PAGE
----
expansion in commerce, and higher cargo movements in Panamanian ports and ship transits through the Panama Canal supported growth in transportation and communications. In contrast, private healthcare and fishing were the only two components that declined in the surveyed month.
On a month-on-month basis, growth in economic activity came in at 0.6% in November, matching the print observed in October. Annual average growth in economic activity in November remained steady at the 5.2% increase observed in October.
FocusEconomics Consensus Forecast panelists project that the economy will grow 5.5% in 2018, which is unchanged from last month’s forecast. The panel foresees GDP expanding 5.4% in 2019.
MONETARY SECTOR | Inflation picks up moderately in December Consumer prices rose 0.19% month-on-month in December, contrasting the 0.19% drop observed in November. According to the National Comptroller’s Office (Contraloría General de la República), December’s print reflected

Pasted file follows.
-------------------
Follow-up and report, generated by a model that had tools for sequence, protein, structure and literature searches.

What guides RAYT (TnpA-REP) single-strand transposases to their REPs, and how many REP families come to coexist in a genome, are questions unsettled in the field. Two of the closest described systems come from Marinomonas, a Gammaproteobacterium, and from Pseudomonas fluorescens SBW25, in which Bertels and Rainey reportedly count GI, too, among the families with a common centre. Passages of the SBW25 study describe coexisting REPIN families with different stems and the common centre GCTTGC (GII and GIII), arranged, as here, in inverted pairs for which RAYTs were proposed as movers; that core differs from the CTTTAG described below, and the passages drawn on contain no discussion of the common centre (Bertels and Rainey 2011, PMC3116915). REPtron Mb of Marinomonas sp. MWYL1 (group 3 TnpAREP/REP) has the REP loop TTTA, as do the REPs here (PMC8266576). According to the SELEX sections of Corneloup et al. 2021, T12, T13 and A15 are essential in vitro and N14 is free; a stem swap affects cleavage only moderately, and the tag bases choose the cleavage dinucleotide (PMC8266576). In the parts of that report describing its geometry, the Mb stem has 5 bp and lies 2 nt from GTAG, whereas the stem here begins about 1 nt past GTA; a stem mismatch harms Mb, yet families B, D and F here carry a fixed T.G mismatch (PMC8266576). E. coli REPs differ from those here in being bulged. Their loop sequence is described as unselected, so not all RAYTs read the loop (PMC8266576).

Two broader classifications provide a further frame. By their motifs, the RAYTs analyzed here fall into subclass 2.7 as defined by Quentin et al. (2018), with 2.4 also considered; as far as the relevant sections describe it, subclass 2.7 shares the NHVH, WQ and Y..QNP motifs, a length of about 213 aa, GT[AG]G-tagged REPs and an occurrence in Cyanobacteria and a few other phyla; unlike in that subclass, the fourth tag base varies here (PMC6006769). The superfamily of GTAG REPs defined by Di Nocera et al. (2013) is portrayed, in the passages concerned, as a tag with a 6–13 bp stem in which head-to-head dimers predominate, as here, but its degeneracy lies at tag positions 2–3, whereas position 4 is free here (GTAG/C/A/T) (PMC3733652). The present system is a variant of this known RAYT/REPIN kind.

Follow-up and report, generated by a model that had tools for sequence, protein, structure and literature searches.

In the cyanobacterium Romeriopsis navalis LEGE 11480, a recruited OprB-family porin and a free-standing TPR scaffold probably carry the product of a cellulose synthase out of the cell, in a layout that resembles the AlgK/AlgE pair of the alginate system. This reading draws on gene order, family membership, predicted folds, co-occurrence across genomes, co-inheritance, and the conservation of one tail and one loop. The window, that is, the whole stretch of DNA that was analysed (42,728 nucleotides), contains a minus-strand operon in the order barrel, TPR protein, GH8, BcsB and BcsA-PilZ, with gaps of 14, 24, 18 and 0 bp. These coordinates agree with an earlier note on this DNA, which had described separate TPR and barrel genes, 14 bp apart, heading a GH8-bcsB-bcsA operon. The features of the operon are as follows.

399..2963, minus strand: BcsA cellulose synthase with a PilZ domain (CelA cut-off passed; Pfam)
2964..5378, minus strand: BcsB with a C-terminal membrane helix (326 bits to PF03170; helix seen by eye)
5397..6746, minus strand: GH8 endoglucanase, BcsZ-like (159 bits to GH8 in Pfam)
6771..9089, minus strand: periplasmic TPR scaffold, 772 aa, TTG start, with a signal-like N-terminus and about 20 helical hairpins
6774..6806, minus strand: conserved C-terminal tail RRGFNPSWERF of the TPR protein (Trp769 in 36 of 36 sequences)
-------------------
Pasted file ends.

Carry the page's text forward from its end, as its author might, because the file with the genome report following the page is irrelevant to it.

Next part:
higher prices in 5 of the 12 components of the index, which more than offset lower prices in 5 other categories. December’s increase was primarily driven primarily by higher prices for transportation.
Inflation inched up from 0.4% in November to 0.5% in December. Because of Panama’s dollarized economy, authorities lack the freedom to use monetary policy or exchange rate adjustments to influence inflation. Meanwhile, annual average inflation edged down from 1.0% in November to 0.9% in December.
FocusEconomics Consensus Forecast participants expect inflation to end 2018 at 1.5%, which is down 0.1 percentage points from last month’s projection. For 2019, panelists project inflation of 1.9%.
FUENTE: Por Focus Economics - https://www.focus-economics.com/ - Desde Barcelona España